Generation

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Generation (from the Latin generāre, meaning "to beget"), [1] also known as procreation, is the act of producing offspring. In a more generic sense, it can also refer to the act of creating something inanimate such as electrical generation or cryptographic code generation.

A generation can also be a stage or degree in a succession of natural descent as a grandfather, a father, and the father's son comprise three generations. A generation can refer to stages of successive improvement in the development of a technology such as the internal combustion engine, or successive iterations of products with planned obsolescence, such as video game consoles or mobile phones.

In biology, the process by which populations of organisms pass on advantageous traits from generation to generation is known as evolution.

Contents

Familial generation

It is important to distinguish between familial and cultural generations. A familial generation is defined as the average time between a mother's first offspring and her daughter's first offspring. The generation length is 25.2 years in the United States as of 2007[2] and 27.4 years in the United Kingdom as of 2004.[3] As a general estimate, thirty years can also be used as an average generation length for humans.[4]

Cultural generation

Cultural generations are cohorts of people who were born in the same date range and share similar cultural experience. The idea of a cultural generation, in the sense that it is used today gained currency in the 19th century. Prior to that the concept "generation" had generally referred to family relationships, not broader social groupings. In 1863, French lexicographer Emile Littré had defined a generation as, "all men living more or less at the same time."[5]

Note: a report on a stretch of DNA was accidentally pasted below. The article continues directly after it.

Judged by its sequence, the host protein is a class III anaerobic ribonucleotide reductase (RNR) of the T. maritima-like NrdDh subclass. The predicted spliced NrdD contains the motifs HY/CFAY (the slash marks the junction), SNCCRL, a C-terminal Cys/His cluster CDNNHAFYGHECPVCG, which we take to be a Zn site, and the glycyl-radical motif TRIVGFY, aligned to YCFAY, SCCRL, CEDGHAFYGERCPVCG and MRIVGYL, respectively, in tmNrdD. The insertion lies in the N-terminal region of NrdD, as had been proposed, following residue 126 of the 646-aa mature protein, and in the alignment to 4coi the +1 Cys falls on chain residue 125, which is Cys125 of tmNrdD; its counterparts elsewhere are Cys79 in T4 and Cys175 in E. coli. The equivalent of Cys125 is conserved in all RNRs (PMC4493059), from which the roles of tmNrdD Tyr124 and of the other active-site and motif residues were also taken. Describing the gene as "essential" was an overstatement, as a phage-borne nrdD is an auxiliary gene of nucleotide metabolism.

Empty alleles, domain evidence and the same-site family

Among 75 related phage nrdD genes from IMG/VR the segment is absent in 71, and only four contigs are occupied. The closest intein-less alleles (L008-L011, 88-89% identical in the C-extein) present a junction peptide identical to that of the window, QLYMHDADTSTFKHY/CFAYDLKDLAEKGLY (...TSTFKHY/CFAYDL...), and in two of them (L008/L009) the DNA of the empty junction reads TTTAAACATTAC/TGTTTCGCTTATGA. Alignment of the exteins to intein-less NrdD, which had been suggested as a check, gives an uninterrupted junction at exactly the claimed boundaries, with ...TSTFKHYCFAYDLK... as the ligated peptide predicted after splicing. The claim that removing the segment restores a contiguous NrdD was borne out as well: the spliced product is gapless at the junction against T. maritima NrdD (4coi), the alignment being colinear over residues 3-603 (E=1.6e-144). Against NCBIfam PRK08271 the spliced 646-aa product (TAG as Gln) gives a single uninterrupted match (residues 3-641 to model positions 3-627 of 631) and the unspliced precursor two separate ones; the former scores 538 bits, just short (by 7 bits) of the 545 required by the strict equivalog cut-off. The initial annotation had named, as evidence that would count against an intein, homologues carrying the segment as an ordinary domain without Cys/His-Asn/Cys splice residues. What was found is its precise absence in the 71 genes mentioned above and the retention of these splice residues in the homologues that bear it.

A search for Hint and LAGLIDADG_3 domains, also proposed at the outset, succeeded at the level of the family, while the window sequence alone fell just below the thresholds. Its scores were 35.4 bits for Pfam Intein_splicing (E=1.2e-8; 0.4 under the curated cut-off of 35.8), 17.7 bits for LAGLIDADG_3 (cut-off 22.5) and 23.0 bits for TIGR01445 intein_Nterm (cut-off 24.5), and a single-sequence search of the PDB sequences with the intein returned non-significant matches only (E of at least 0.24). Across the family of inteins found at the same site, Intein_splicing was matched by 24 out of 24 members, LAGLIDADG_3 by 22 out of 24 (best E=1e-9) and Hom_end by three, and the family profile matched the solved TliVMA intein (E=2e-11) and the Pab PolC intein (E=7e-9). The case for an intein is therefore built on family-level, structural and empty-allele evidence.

However, as the 19th century wore on, several trends promoted a new idea of generations, of a society divided into different categories of people based on age. These trends were all related to the process of modernisation, industrialisation, or westernisation, which had been changing the face of Europe since the mid-eighteenth century. One was a change in mentality about time and social change. The increasing prevalence of enlightenment ideas encouraged the idea that society and life were changeable, and that civilization could progress. This encouraged the equation of youth with social renewal and change. Political rhetoric in the 19th century often focused on the renewing power of youth influenced by movements such as Young Italy, Young Germany, Sturm und Drang, the German Youth Movement, and other romantic movements. By the end of the 19th century European intellectuals were disposed toward thinking of the world in generational terms, and in terms of youth rebellion and emancipation.[5]

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